Senior Lawyer Canvasses Fresh Amendment to 1999 Constitution

Senior Lawyer Canvasses Fresh Amendment to 1999 Constitution

·      Faults 36-state federal structure, proposes six-region federation 

·      Says current federating units lack capacity for self-sustenance

Gboyega Akinsanmi

Shortly after President Muhammadu Buhari signed 16 Constitution Amendment Bills into law on Friday, former President of the Nigerian Bar Association (NBA), Chief Joseph B. Daudu (SAN), canvassed fresh amendments to the 1999 Constitution that will decisively reduce the power of the federal government.

Daudu, also a former Secretary-General of the International Council of Jurists, observed that comprehensive restructuring should be the main thrust of the next amendment to the constitution to adopt a six-region federal structure.

He made the recommendations in response to THISDAY’s inquiries on the constitutional amendment that allowed states to generate, transmit, and distribute electricity in areas covered by the national grid.

Buhari had signed the constitutional amendment that allowed states to generate, transmit, and distribute electricity in areas covered by the national grid.

The President had assented to 19 bills, 16 of which altered some provisions of the 1999 Federal Republic of Nigeria Constitution, now Fifth Alteration Bills 2023.

Reacting to Buhari’s assent to Fifth Alteration Bills 2023, Daudu noted that the constitutional amendment “is a welcome development.”

According to him, nothing should be taken away from fully commending the National Assembly and President for bringing to a conclusion such a much-discussed and financially expensive exercise.

The senior lawyer, however, observed that the problems with the federation “do not lie in the letter of the law per se, but in the mentality of the persons administering those laws.

“Now that the 1999 Constitution has been further amended, let us wait and see the impact it will have on the society and how they will be implemented,” Daudu emphasised the need to ensure full implementation of the Fifth Amendment.

Beyond the 16 amendments to the 1999 Constitution, Daudu canvassed the need to determine the governmental structure that is cost-effective and efficient for Nigeria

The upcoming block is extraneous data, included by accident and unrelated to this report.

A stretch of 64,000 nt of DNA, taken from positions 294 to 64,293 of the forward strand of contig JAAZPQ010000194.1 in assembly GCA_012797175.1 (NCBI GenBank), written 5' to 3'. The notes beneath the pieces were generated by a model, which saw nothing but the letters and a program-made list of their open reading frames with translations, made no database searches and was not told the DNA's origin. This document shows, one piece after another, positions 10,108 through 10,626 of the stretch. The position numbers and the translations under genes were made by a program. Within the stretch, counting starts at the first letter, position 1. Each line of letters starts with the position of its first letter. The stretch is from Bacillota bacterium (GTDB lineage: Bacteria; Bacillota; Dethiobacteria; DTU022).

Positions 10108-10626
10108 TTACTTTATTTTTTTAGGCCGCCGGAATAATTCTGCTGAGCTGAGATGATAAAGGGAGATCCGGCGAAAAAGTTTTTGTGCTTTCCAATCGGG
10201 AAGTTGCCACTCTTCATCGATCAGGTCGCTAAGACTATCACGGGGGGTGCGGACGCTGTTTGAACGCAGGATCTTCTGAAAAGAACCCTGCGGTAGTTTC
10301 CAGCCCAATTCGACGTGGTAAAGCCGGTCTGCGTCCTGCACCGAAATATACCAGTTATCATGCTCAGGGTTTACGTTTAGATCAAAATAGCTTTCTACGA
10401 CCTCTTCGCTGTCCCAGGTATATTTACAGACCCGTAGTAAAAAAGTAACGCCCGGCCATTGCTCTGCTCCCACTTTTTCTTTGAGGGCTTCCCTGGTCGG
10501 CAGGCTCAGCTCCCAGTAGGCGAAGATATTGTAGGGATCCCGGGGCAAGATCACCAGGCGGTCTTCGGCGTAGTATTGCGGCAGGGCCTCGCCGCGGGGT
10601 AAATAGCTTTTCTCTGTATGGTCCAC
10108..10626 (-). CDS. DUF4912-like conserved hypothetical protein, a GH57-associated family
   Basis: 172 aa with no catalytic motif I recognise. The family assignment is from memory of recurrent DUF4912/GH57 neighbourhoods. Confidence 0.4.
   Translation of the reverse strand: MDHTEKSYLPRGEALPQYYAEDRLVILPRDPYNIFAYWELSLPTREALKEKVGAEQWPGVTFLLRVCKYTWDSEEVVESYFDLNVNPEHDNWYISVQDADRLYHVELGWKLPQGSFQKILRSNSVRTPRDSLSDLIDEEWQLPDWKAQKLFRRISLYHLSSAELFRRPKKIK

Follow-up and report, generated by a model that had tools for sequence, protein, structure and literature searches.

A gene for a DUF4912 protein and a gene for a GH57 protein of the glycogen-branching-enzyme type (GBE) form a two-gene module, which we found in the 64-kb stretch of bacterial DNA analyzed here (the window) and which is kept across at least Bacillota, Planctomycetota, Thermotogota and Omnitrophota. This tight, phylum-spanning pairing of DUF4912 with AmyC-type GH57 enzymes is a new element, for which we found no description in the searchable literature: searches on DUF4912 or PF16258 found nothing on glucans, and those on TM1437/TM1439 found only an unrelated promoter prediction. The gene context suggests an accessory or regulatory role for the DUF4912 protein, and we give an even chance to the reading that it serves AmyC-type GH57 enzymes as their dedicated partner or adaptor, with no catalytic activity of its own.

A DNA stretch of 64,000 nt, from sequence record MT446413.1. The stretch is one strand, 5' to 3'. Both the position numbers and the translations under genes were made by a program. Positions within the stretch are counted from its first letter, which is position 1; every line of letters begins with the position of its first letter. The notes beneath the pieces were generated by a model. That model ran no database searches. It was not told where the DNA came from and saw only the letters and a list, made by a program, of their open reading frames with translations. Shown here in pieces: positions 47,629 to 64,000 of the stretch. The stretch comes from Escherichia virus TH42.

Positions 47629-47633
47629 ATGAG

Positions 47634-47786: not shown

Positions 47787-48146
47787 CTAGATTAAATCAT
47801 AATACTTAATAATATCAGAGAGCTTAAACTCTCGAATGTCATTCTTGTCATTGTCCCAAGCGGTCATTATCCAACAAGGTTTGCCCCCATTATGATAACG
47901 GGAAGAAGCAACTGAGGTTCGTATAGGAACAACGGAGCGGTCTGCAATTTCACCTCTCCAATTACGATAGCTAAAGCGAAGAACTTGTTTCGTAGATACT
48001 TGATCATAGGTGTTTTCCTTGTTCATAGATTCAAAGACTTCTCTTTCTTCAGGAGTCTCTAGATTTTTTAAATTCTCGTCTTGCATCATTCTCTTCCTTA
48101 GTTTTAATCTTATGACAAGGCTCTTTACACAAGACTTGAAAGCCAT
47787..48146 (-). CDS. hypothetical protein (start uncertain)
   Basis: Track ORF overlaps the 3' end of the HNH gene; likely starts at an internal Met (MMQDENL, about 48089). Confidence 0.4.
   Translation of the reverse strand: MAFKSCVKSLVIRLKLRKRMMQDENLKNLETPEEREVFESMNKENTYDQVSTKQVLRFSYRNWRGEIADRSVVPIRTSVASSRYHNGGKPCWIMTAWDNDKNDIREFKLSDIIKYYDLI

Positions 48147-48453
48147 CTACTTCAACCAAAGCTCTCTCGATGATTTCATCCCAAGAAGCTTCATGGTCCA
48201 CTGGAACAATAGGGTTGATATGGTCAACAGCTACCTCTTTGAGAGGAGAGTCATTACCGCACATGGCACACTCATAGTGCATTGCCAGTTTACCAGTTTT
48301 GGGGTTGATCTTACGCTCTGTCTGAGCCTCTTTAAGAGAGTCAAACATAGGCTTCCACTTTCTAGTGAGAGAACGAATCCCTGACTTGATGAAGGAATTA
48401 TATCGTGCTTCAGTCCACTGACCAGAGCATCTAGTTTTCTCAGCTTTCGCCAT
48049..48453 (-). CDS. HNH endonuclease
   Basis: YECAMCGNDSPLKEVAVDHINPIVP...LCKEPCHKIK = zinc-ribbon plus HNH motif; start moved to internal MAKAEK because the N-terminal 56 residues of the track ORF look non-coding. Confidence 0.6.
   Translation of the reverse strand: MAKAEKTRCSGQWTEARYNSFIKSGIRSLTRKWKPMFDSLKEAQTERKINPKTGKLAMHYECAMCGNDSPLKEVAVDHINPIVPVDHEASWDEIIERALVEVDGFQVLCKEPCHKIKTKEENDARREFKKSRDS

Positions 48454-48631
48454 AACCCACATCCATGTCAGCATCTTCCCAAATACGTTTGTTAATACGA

While he agreed that Nigeria should continue to practice federalism, Daudu noted that the critical question “is whether it is politically wise and indeed financially prudent to run the 36 state structures that we are presently practicing.”

For obvious reasons, the senior lawyer observed that restructuring “ought to have been the main thrust of this amendment exercise embarked upon by the ninth National Assembly.

“It requires great political willpower, lacking, to propose and support a venture such as restructuring Nigeria into six regions consisting of the six zones now entrenched in our political psyche and lexicon.

“The regions are South-west, South-east, South-south, North-central, North-west, and North-east, which will be the component zones of the Federal Republic of Nigeria, while the centre remains in Abuja,” he suggested.

He explained the benefits of the six-region federal structure proposal, noting that it would reduce the cost of governance and the over-bearing nature of the presidency in Abuja at the penurious expense of the States.

The senior advocate said: “From this angle, we must examine the potency and cogency of the present amendments.

“The real question is where will these fragmented entities, i.e., the present 36 States raise enough funds to build modern railway infrastructure within the boundaries of their respective territories.

“It is almost impossible to carry out such a venture in a situation where most of these states cannot pay the salaries or wage bill of their civil servants and run basic amenities,” Daudu explained.

While acknowledging that the amendments “are a step in the right direction,” Daudu explained that the federation needed much more than mere tokenism in the matters of a constitutional amendment.

He thus noted that Nigeria, as a federation, required concrete measures to catapult it to the next stage of nationhood.

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